Yet, what entices most pianists, including Knutson, is the existential galvanization that can occur when one is left to their own devices. “The thing I really like, though, is that I’m free to change the form of the tune at any moment, extend the intro, extend the ending, change styles, change tempos, screw up and add a beat or a bar here or there,” Knutson enthuses. “It’s a very flexible medium. Plus, I don’t have to prepare charts or set lists for other players, or send emails about what’s expected on the gig!”
Like many pianists of her caliber, Knutson is a highly sought accompanist. She has worked quite often with local favorites Evingson and Duncan, and will be performing with vocalist Kevin Mahogany at the Dunsmore Room in August. She has also recently worked with guitarist David Singley for his CD release show at Studio Z. “I love working with vocalists (and lead instrumentalists). That makes me a side-musician and I do enjoy that role just as much as being a leader, but in different ways,” Knutson explains. “As a backing musician, I always try to hear what the leader’s vibe or style is and try to match and support it as much as possible. Are they formal and like things neat and tidy? Or, are they casual and like things a little raw? Are they into blues, swing, bebop, hardbop, modal, free, ECM, pop, Latin? Whatever it is, I try to bring out that musical vocabulary. As a leader there’s more responsibility to shape your vision for every tune and the entire experience for the audience. So, it’s not necessarily playing with a vocalist that changes my approach as it is the role of being a leader verses a side-musician.”
With two recordings in her discography as a leader, 2001’s Call Me When You Get There and 2011’s In The Bubble, both of which include Johnson and Hey as well as drummers/percussionists Gregg Schutte, Craig Hara, Marc Rio and Marc Anderson, Knutson is not one to make an annual pilgrimage to the recording studio. Fortunately, she has begun to work on new material. “It has been a while since I’ve recorded,” Knutson admits. “But you’ve caught me at a time when I’m getting the urge to work on a new project again. I just wrote a new groovy blues for my upcoming Twin Cities Jazz Fest performance at Vieux Carre’. It’s the first thing I’ve written since my last record and I’m really excited to play it with Gordon Johnson and Phil Hey. who will perform it while sight reading it for the first time, too! Other than that, I’ve been in this great place of wanting to practice and write again. That desire is hard to come by when life is so busy, but it’s magically back and I’m eager to find out what it will bring!”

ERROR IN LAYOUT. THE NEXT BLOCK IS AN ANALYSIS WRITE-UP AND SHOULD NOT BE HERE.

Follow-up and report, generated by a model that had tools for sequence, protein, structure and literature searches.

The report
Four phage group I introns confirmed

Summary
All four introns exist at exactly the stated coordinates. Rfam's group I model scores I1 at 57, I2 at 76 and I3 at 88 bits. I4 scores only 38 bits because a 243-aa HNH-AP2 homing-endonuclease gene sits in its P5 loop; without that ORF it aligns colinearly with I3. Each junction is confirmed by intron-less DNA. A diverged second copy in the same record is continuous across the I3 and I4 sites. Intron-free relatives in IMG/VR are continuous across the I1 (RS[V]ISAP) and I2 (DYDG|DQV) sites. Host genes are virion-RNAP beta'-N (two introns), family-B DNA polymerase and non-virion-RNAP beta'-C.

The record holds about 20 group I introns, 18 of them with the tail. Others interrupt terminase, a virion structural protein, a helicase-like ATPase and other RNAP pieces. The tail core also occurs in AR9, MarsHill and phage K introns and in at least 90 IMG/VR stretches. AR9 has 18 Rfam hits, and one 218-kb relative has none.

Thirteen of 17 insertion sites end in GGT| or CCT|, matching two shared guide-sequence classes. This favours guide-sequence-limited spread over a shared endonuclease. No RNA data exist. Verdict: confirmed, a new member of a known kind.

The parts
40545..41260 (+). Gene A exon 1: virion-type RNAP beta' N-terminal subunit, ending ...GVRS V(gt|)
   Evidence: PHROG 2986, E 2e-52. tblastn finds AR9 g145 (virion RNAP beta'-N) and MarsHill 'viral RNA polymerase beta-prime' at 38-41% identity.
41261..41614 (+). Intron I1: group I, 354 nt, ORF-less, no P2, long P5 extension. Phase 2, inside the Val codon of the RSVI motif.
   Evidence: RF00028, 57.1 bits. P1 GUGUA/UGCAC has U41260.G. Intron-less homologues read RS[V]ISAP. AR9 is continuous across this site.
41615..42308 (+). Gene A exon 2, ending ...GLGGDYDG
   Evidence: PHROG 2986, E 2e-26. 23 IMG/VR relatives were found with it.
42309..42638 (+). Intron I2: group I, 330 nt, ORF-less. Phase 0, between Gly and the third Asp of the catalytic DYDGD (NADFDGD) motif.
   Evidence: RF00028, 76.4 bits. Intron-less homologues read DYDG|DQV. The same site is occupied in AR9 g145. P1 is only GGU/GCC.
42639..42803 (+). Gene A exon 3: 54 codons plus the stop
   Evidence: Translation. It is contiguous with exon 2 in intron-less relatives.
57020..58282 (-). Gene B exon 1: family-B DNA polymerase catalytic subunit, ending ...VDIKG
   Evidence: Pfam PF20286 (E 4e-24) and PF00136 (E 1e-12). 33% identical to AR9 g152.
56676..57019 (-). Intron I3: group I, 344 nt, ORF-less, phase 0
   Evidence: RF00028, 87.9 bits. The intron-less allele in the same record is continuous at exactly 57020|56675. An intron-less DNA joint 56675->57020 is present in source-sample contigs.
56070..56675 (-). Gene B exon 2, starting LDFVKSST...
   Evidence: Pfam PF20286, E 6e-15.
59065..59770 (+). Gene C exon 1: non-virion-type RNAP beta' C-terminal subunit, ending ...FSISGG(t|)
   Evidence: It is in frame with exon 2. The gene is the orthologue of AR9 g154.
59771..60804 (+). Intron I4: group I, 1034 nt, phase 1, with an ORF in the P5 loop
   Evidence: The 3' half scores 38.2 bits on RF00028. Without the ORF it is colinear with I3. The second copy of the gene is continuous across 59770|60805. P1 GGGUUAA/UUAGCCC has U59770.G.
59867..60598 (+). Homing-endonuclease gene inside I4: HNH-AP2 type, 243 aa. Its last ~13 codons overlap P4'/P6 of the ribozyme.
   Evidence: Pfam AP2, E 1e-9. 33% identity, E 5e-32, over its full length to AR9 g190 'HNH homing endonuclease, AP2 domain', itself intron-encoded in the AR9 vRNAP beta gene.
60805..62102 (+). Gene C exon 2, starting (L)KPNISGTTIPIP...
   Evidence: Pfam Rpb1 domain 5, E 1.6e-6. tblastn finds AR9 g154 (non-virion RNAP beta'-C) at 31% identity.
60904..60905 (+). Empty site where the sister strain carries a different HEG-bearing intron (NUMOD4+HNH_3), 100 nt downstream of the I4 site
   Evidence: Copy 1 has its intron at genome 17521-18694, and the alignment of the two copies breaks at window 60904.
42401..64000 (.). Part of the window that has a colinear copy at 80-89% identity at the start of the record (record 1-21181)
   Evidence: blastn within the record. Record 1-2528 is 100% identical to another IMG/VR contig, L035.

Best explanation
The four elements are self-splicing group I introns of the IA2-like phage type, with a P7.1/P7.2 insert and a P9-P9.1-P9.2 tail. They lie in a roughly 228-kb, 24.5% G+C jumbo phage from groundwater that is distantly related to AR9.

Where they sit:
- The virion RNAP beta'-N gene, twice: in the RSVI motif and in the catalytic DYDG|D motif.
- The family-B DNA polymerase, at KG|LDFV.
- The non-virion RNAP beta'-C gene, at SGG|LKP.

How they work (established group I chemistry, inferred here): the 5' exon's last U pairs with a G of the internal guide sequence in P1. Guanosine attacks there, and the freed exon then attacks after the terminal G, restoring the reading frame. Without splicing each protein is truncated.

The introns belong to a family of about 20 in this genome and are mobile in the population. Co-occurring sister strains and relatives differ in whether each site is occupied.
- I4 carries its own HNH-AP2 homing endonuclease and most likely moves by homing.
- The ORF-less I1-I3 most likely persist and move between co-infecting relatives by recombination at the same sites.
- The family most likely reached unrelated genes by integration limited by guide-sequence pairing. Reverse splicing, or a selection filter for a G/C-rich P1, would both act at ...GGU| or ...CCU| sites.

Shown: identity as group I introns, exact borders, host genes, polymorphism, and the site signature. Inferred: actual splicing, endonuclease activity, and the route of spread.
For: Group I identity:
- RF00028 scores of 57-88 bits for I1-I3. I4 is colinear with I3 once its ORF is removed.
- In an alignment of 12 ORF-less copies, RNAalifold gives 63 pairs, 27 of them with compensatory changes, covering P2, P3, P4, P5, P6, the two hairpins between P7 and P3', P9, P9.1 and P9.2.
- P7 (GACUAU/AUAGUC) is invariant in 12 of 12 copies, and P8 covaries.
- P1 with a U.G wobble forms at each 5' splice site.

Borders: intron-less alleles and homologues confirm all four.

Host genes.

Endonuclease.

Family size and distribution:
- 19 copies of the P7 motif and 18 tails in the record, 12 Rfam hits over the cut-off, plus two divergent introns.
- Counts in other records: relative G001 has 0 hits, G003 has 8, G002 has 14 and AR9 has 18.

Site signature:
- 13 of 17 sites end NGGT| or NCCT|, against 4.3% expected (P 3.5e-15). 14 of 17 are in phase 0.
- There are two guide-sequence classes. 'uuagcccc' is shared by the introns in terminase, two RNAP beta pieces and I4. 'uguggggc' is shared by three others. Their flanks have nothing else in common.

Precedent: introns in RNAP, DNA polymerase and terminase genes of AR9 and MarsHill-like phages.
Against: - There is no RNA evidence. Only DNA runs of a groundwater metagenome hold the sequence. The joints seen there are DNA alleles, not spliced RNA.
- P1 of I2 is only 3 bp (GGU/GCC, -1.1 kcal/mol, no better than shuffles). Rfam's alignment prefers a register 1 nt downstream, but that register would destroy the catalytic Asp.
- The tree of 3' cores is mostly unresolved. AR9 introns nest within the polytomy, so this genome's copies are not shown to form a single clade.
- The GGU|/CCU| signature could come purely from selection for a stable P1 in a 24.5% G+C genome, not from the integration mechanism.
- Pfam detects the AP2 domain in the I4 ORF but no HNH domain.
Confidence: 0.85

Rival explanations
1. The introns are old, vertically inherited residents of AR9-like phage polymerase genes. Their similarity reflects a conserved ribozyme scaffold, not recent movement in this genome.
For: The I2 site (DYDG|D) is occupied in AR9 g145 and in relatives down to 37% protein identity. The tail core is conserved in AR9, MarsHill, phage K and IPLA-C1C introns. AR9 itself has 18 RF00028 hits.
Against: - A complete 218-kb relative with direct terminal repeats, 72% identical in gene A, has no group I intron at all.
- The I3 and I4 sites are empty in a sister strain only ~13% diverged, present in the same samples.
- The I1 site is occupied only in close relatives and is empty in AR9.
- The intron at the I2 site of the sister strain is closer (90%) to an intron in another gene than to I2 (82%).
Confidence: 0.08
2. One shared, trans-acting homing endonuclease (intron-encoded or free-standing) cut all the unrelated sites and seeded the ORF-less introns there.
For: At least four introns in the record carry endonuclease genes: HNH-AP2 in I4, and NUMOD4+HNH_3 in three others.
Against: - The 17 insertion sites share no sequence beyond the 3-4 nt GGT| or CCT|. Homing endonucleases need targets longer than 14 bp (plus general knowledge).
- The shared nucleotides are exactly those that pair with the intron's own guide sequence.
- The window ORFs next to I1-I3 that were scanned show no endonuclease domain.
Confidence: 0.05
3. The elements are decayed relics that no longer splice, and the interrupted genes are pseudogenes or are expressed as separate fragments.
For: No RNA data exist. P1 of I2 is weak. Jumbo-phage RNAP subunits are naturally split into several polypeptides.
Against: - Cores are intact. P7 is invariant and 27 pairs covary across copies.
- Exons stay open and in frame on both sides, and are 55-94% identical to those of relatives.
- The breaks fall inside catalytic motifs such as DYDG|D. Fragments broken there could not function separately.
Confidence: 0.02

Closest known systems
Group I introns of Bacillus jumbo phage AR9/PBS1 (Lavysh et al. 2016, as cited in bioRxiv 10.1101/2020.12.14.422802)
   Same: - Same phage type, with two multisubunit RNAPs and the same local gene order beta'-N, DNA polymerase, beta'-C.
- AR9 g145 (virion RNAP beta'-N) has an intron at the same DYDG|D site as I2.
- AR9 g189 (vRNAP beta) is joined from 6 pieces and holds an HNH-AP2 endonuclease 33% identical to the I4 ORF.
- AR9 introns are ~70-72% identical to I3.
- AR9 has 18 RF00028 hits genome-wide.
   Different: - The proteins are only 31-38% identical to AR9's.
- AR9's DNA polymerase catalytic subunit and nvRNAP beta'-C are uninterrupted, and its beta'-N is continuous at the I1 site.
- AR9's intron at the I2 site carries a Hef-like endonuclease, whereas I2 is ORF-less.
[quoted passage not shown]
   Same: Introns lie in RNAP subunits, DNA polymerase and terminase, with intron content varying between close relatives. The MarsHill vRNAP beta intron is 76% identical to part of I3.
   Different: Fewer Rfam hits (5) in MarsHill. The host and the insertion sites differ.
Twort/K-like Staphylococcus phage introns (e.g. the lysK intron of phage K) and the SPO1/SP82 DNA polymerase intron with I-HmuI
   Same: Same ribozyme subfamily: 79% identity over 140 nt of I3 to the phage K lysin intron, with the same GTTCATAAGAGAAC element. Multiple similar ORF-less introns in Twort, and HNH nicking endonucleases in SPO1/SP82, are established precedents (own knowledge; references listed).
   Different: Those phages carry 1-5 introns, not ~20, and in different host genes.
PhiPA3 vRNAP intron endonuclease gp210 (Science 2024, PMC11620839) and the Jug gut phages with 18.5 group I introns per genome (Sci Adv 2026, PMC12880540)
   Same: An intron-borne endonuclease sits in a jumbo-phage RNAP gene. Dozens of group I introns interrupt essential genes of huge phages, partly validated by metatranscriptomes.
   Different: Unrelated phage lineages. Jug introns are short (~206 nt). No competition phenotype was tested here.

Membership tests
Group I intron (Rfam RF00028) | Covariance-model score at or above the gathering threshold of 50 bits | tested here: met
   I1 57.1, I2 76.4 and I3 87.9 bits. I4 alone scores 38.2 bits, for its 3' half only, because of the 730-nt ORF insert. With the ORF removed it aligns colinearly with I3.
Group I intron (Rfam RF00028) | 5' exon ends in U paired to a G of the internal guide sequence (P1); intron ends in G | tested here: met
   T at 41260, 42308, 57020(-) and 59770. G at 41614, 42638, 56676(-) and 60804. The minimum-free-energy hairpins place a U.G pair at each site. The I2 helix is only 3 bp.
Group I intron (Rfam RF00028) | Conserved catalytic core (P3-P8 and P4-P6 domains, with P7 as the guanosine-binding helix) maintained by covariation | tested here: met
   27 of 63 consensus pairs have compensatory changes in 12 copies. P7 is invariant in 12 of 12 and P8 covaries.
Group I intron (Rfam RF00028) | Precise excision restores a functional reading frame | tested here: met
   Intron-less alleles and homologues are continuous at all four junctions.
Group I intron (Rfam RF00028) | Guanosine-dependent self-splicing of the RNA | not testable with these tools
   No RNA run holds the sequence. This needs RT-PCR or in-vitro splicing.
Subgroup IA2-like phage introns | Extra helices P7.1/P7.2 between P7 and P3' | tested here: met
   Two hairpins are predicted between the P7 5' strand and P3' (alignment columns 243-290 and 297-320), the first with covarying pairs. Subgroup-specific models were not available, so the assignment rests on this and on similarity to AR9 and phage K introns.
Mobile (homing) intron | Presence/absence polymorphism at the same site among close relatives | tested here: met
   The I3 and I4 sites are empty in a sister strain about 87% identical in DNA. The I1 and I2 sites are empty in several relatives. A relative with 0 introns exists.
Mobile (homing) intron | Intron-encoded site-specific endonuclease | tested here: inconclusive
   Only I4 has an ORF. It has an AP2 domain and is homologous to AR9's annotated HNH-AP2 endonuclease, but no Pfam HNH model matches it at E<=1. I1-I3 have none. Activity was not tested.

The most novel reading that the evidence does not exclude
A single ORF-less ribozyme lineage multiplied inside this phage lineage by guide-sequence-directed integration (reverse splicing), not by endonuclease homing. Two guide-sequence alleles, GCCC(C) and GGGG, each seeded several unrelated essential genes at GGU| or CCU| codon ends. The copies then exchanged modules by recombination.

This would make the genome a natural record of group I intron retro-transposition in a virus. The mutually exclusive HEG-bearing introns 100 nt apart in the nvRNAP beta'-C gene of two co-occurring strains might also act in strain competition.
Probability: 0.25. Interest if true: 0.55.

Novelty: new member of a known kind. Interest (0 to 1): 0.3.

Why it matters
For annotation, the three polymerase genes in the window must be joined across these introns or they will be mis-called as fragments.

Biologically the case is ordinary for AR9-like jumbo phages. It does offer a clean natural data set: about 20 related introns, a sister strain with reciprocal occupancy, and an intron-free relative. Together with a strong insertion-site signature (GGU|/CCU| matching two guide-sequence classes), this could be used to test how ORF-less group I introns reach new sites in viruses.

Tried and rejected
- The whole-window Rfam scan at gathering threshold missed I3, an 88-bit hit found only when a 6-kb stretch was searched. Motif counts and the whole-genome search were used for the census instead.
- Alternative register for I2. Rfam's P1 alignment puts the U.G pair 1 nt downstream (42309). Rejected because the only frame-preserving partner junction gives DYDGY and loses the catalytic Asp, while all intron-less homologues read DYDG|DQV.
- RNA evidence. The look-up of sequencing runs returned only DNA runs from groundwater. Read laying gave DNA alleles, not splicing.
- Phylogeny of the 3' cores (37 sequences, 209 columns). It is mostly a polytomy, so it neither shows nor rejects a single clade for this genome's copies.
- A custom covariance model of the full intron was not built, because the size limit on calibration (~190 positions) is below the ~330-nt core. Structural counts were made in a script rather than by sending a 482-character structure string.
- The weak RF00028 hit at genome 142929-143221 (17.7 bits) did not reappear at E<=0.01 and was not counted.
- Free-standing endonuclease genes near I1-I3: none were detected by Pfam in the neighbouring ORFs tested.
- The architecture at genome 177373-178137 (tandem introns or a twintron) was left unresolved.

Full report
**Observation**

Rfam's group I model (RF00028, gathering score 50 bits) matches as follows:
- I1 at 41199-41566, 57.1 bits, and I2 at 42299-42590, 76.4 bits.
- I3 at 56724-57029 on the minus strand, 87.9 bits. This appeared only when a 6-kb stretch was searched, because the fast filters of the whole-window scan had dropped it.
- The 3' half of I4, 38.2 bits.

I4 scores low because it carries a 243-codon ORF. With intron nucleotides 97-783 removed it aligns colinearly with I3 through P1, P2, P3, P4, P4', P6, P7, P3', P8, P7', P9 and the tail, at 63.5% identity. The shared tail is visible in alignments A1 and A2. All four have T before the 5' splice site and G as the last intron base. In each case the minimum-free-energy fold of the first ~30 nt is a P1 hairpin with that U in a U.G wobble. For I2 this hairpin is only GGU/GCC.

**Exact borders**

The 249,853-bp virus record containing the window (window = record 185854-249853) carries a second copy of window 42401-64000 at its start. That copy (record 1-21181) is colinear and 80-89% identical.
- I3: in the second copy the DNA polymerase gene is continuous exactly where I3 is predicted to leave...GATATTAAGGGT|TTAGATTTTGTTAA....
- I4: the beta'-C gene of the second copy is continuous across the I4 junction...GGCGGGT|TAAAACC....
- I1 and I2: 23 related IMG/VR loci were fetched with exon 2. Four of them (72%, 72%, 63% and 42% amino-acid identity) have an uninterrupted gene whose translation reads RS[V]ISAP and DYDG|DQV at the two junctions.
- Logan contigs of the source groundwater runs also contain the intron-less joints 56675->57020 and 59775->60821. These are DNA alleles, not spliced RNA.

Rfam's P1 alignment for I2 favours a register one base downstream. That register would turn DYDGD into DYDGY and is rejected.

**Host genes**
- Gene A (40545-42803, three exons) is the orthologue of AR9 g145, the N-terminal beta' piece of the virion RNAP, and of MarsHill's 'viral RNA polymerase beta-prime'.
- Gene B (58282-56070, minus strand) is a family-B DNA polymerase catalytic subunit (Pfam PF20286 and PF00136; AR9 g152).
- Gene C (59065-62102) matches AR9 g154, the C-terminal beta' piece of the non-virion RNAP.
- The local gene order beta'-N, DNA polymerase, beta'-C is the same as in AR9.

While each of her recordings is comprised of half original material and half standard repertoire, Knutson admits that at times, composing can be a painstaking exercise for her. She has literally taken as long as several months to work out some pieces once the initial sketch of an idea is in place. “If I’m in the mood to compose, I do try to show up at the piano for at least an hour every day. Often, I’ll allow my hands to wander across the keys, pressing down any key, any cluster of notes, any rhythm, sort of like what a child would do in their innocence and absence of knowledge,” Knutson explains. “I attempt to be curious about what I’m hearing rather than judgmental. I try not to play any familiar chord voicings or harmonic patterns. I allow myself to fall into a rhythm, a melody, or a harmonic progression by surprise. And when something piques my interest, I write it down. What appears first might be melody, harmony, or rhythm. It doesn’t matter. Then I play with it and see if it can be developed. If it goes nowhere, then I leave it alone and hope to be inspired the next day, or the next.”
Fortunately, performing is much more enjoyable for Knutson, and heard live, her lyrical playing contains an enticing meditative quality while still packing a visceral punch. “When I’m performing I hope to convey the meaning and emotions of the tunes. My favorite performers are those that make me feel something in my body and keep it interesting in my mind, so I hope to give that experience as well,” Knutson explains. “As a composer of instrumental tunes, I try to create memorable melodies, harmonies, and arrangements that are enjoyable and interesting to both seasoned musicians and non-musicians, something that will bring us all together.”
In addition to her trio’s performance on Thursday, June 22 at Vieux Carre at 7:30 p.m., Mary Louise will also be appearing with the JazzMN Orchestra on Friday, June 23 at the Securian Mears Park Stage at 4:00 pm. See her calendar and more at www.marylouiseknutson.com